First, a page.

Editor’s Note: The following article was written by the Michigan Association of Home Builders to answer the argument that no cost is too great to save a life.

Michigan, like South Carolina, has been arguing over whether automatic fire sprinkler systems should be mandated in all newly constructed homes. Michigan officials recently delayed implementing the requirement in the International Residential Code that mandates automatic fire sprinklers in new single-family homes. South Carolina, at the urging of Home Builders, also delayed sprinklers until 2014.
The sprinkler argument will come up again, and again the big businesses that want to profit from installing automatic fire sprinklers in new homes will again argue, “what is the price of a life?”
How Much is a Human Life Worth?

When all their other arguments for forcing consumers to buy fire sprinklers fail, sprinkler manufacturers and their allies turn to an emotional question, one intended to shame people into supporting mandatory sprinklers: “How much is a human life worth?”

If the goal is saving lives and not selling sprinklers, the question to answer is “What’s the best way to save the largest number of lives in the most cost-effective manner?” We already know the answer to that question. Working smoke alarms are the most practical, cost-effective method of preventing home fire fatalities.

A 2008 study by the National Fire Protection Association found, “The chances of surviving a reported home fire when working smoke alarms are present are 99.45%.”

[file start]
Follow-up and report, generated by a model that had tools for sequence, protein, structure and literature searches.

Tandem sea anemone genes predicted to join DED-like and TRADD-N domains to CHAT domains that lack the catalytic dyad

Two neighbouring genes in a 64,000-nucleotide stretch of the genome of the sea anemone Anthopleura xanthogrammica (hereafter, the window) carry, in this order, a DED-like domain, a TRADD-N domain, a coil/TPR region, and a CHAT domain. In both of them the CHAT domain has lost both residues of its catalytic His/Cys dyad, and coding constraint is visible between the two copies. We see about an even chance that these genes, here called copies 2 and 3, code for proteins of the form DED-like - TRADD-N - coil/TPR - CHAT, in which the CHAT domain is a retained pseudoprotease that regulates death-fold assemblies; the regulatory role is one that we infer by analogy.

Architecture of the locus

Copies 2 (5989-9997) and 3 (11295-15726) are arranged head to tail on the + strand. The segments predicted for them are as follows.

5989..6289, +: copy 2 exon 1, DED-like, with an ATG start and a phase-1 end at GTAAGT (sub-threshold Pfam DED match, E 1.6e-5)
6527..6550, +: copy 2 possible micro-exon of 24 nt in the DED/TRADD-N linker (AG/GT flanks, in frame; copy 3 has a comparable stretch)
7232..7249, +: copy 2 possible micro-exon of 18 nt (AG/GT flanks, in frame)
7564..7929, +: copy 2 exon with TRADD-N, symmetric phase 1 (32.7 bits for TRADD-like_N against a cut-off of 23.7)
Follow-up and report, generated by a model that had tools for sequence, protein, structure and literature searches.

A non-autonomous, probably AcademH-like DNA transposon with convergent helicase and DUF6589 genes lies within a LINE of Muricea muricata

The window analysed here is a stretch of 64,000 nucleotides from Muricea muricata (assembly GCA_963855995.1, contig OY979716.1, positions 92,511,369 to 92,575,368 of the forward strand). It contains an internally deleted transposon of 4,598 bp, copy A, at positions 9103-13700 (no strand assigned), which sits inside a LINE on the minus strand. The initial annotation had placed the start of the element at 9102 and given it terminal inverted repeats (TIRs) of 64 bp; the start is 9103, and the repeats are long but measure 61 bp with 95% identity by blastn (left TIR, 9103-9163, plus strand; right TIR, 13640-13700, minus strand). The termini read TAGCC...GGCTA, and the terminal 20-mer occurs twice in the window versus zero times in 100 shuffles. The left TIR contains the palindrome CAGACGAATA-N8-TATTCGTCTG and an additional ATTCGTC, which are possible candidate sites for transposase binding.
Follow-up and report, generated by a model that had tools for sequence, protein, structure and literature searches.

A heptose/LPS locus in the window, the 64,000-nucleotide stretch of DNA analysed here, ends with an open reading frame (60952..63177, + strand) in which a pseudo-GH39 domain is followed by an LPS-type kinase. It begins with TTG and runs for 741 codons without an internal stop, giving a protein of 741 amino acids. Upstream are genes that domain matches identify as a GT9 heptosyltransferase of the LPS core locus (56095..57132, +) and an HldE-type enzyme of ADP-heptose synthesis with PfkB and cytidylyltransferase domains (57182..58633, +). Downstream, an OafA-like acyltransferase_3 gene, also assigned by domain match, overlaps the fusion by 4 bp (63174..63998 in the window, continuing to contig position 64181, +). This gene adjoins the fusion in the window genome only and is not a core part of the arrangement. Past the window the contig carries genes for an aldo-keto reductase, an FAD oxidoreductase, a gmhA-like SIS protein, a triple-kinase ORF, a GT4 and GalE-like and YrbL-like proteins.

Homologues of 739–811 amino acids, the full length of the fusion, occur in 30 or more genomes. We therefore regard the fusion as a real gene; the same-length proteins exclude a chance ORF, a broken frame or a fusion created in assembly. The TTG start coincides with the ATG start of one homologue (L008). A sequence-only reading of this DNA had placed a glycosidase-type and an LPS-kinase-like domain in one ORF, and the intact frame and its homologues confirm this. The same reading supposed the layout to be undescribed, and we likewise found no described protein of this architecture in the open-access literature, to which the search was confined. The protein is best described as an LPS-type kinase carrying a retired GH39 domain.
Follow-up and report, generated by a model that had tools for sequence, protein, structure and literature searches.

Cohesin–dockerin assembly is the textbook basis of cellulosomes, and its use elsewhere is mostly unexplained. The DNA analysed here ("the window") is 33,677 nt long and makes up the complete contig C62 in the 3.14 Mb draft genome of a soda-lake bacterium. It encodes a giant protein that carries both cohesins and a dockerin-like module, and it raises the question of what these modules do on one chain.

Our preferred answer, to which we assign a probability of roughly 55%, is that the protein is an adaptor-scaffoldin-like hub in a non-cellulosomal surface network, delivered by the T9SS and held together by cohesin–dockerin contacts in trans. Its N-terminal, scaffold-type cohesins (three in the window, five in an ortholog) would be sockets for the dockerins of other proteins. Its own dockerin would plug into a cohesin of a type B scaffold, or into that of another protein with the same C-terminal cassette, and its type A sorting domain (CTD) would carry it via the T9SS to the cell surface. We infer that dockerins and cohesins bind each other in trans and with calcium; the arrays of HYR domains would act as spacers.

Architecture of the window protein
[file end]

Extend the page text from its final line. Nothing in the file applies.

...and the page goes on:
That doesn’t mean people don’t die in home fires. Over the seven-year period of 2000-2006, Michigan averaged 109 fatal residential fires a year in its 4.5 million residences. Ninety-three percent of all those fatal fires occurred in residences without working smoke alarms.

Those who want to force homeowners to install fire sprinklers say, “If those homes had both working smoke alarms and sprinklers even more lives would have been saved.” Now the question is how many, and at what cost?

Johns Hopkins University found 75 percent of residential fire deaths could have been prevented by smoke alarms. The Home Fire Sprinkler Coalition says installing both smoke alarms and a fire sprinkler system reduces the risk of death in a home by fire by 82 percent, relative to having neither.

If smoke alarms can reduce residential fire deaths by 75 percent and if having both smoke alarms and a fire sprinkler system can reduce residential fire death by 82 percent over having neither, then mandatory fire sprinklers would only reduce deaths in homes with working smoke alarms by 7 percent.

Michigan averages 1.31 residential fire fatalities per 100,000 homes or 131 fatalities a year. Working smoke alarms could have saved 91 of those 131 lives. The benefit of mandated sprinklers could be the saving of an additional 8.5 lives. But at what cost?

During the seven-year period of 2000-2006, an average of 40,544 new homes were built each year in Michigan. At an average price of $6,000 per home to add fire sprinklers to homes that already have smoke alarms, the price of housing in Michigan would rise by $243,264,000 each year.

Taking away a homebuyer’s choice of how to spend more than $243 million of their money as the sprinkler mandate does, means they lose the ability to use that money in other ways they have decided would better increase the quality of life for themselves and their families. Mandatory sprinklers take away their choice to use that money for a newer, safer home, improved medical care, better insurance, a safer and more fuel-efficient car, education expenses, retirement accounts, or charitable giving.

Every fire death is a tragedy. The solution to reducing these deaths isn’t mandating expensive sprinkler systems. The solution is to make sure every home has working smoke alarms.